small things new father profile

Since a good percentage of the subjects I photograph are young children, I’m most accustomed to sessions involving lots of physical touch. Not only because little ones express themselves easily and naturally this way, but parents very often have to physically hold on to their offspring to even keep them in the frame. Babies are cuddled and cajoled, toddlers are corralled, and pretty much the only shots attainable of young siblings together require one to have another in a headlock. So touch is a given at these sessions.

I guess you could say it’s ignorance that causes me to automatically ask adult groupings to move in close and hug one another. And when I do I’m often met with hesitancy and puzzled looks. “Move it close?” ”To a family member?”. Pretty scary stuff, I know. Interestingly though, if everyone is able to move beyond the initial awkwardness, this often becomes the source of the most unexpected fun and genuine tenderness. I think the trick is helping the participants to stay with the warm feelings and ignore the logic that creeps in saying it’s just plain weird. Staying is the key. It’s easy for us adults to give a quick perfunctory hug at the airport saying hello and good bye, but to let our arms linger long enough to feel another’s heartbeat or heartache, that is the healing, melding energy of love. We all crave it at the same time that we fear it.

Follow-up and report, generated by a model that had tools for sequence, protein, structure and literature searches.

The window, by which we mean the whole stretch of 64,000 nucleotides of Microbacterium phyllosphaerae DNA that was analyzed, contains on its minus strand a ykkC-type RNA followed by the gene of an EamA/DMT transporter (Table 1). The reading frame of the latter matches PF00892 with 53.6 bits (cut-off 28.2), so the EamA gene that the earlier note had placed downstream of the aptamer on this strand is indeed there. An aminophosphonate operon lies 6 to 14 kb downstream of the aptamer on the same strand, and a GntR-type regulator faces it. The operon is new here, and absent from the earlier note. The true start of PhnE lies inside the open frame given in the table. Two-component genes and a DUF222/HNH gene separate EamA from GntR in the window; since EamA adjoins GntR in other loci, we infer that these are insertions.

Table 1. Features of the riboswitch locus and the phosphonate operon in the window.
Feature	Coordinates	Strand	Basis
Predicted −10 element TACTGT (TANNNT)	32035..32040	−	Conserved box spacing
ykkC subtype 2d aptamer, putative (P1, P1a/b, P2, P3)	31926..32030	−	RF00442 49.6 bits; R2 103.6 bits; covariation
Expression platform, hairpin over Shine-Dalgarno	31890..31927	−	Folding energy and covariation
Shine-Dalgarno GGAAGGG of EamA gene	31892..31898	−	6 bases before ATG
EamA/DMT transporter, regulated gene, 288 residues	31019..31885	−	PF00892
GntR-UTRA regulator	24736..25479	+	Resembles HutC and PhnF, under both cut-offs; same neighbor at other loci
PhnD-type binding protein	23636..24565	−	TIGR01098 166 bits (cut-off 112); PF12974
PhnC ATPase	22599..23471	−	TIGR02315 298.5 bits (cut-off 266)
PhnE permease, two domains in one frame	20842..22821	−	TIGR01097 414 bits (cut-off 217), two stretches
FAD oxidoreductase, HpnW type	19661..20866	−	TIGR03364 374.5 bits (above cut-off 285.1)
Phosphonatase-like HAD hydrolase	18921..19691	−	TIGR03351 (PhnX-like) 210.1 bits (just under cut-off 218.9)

Becoming aware of this as photographers should help us to recognize what an incredible gift we can offer our subjects. Not only in photographs that may reflect the fleeting beauty of a life perpetually in motion, but also the felt experience of remembering the delicate power of touch.


finger speak
naturally retro
family hug

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